Libraries can use our stakeholder-endorsed principles to guide them in their negotiations with licensors and as a means of identifying publishers who have already adopted, or are moving towards implementing, these principles into their business models.
The principles exemplify good practice to meet the requirements of libraries while balancing business needs such as royalties, the continued commercial viability of the product, and on-going infrastructure support.
By collectively embracing these principles, libraries and publishers will further deliver valuable research opportunities in learning, teaching and research through the provision of DACs in higher education.
2019 survey results
Our July 2019 survey1 of senior librarians and collection managers on digital archival collections platform charges revealed that:
- 42% of the 67 institutions that took part spent, on average, up to 100K or more over the last five years on one-off purchases from publishers
- Fees ranged from up to £5,000 to over £15,000 per year across publisher platforms
- Most institutions felt that the platform/hosting fees they were charged were not very good value for money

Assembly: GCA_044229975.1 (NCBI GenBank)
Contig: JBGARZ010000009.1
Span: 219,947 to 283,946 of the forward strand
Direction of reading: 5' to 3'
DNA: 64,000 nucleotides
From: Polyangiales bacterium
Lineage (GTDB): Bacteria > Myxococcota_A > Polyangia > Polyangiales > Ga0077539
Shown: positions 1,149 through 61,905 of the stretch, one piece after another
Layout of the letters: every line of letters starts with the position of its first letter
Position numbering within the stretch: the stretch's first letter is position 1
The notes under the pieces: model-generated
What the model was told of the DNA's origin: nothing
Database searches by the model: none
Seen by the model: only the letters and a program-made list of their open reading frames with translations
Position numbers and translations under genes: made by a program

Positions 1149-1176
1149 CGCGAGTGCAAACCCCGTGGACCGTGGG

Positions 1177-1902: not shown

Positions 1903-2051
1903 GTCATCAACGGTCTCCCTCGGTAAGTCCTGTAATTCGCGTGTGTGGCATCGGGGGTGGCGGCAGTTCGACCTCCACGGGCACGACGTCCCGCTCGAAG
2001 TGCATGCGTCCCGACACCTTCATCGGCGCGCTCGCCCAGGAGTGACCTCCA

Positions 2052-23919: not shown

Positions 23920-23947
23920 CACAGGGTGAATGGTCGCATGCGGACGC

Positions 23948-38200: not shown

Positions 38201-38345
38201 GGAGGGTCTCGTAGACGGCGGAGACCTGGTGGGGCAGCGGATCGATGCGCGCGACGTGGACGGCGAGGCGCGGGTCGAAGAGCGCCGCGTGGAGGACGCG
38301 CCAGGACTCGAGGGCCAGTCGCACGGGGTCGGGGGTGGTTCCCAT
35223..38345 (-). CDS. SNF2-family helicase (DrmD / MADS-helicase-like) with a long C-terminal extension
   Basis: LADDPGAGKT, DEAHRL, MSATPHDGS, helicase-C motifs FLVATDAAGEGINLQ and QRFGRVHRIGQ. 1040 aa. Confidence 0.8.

While not specifically aimed at DACs, the raw data from the SCONUL 2017 ‘What librarians want publishers to hear’2 and the 2019 ‘What publishers want librarians to hear’3 provided additional corroborating evidence on this topic.
The ongoing cost of platform/hosting fees for outright purchases of static databases is of major concern for libraries.
As the content can often only be accessed via the publisher’s platforms, institutions that purchase these resources are often faced with year-on-year increases to access the content they have purportedly bought as an outright purchase.
The alternative is losing access to content they have spent considerable institutional investment on, depriving teachers and learners of research opportunities.
In your words...
These are direct quotes from our members:
“We may have funds available to buy outright at the end of a financial year but we do not have available funds in our recurrent budgets for ongoing hosting fees”
“The option of having platform fees capped seems to start at such a high level that we, who have bought substantial numbers of digital archives over the years, have not yet reached that level. I would say that the cap starts at far too high a level”